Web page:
NSU-NGRI finds rare mutation in Spike Proteins of SARS-CoV-2
NSU Live: North South University (NSU) is the first and only private university in the country to sequence SARS-CoV-2 genomes using their own facilities at NSU Genome Research Institute (NGRI). Researchers at NGRI, under the leadership of Prof. Hasan Mahmud Reza, Dean of the School of Health and Life Sciences, NSU and Dr. Muhammad Maqsud Hossain, Director of NGRI, NSU have completed sequencing of fifty eight SARS-CoV-2 isolates using Illumina MiSeq platform. Prof. Firoz Ahmed and Prof. Aminul Islam of Noakhali Science and Technology University assisted in providing samples.
The SARS-CoV-2 virus consists of 29 proteins, of which the four structural proteins have been the subject of much investigation as potential therapeutic targets. Among these, the spike protein has by far been the most studied one. Spike proteins protrude out of the viral membrane and facilitate its entry into host cells through interacting with surface receptor ACE2. Mutations in spike protein can therefore impact how efficiently the virus is able to penetrate and infect host cells.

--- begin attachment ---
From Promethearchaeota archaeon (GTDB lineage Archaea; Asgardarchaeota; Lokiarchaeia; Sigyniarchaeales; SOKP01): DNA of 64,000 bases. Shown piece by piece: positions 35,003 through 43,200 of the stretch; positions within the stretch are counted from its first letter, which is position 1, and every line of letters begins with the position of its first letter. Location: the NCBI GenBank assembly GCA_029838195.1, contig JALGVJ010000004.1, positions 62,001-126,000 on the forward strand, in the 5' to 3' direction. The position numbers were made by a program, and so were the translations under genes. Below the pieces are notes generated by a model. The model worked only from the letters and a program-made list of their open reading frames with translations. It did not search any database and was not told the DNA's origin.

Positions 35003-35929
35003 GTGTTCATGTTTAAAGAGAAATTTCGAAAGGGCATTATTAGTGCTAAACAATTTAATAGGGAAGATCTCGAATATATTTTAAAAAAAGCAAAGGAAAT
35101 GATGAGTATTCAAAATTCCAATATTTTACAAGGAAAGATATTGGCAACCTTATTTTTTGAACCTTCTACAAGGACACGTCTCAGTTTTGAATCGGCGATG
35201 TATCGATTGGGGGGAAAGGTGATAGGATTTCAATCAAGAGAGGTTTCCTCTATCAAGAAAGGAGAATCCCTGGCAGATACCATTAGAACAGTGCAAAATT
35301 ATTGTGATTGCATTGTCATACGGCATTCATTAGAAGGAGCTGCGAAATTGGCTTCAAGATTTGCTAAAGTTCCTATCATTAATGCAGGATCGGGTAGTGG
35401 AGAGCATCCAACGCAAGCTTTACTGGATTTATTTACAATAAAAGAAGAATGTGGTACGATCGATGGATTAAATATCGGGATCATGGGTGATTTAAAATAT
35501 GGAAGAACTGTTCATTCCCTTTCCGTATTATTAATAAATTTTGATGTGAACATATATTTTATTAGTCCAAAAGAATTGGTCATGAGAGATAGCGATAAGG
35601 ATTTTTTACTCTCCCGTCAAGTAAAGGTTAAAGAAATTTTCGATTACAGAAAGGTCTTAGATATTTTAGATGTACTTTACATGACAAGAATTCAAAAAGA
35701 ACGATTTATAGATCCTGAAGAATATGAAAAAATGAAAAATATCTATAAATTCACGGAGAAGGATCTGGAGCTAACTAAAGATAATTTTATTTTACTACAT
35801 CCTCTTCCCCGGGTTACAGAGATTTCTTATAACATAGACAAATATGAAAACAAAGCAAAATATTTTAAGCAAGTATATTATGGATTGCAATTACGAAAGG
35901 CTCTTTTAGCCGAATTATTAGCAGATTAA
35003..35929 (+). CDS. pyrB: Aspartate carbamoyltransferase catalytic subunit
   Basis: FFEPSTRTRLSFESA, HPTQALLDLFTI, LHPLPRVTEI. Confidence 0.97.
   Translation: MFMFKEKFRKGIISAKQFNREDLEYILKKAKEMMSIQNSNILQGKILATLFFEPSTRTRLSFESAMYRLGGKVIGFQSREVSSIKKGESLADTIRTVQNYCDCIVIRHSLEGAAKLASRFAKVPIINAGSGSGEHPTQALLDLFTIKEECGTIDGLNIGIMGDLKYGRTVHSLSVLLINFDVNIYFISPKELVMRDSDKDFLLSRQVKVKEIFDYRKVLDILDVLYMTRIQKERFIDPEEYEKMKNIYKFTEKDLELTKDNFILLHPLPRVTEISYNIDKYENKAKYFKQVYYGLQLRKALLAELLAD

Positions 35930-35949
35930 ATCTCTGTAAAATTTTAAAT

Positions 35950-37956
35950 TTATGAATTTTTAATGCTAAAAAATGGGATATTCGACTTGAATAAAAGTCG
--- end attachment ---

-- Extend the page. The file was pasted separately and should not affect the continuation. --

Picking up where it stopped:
NGRI, Bangladesh has reported some rare mutations in these four structural proteins that have not been found commonly across the globe. Of these, one mutation in the crucial spike protein is hereby being reported for the first time Bangladesh and thereby in the world.
This is the substitution of the amino acid tyrosine (Y) by the amino acid phenylalanine (F) in position 204 of the spike protein (Y204F). This is also to be noted that genome harboring this mutation belongs to the lineage B.1.36. Whether or not this mutation has any downstream effects on the structure and function of the SARS-CoV-2 spike protein as well as the virus’s infectivity is sure to be a topic of further investigation. The same mutation was found in 2 samples sequenced by NGRI as part of a mass sequencing project.
The team identifies this lineage as one of the most virulent isolates and it is mutating for its better fitness in the community. The observation is based on the genome sequences available in GISAID for deceased patients from the India and Saudi Arabia who were infected with this lineage. Among the 52 Indian genomes available for deceased, 10 were infected by this lineage, whereas, in Saudi Arabia among the 121 available genomes, almost 50% were affected by this lineage. Other countries where this lineage has been found include UK (45%), Denmark (9%), and Canada.
Other members of the team included Prof. Abdul Khaleque, Prof. Kazi Nadim Hasan, Aura Rahman, Tahrima Huq, Naushin, Abdus Sadique, and Jahidul Alam from NGRI, NSU.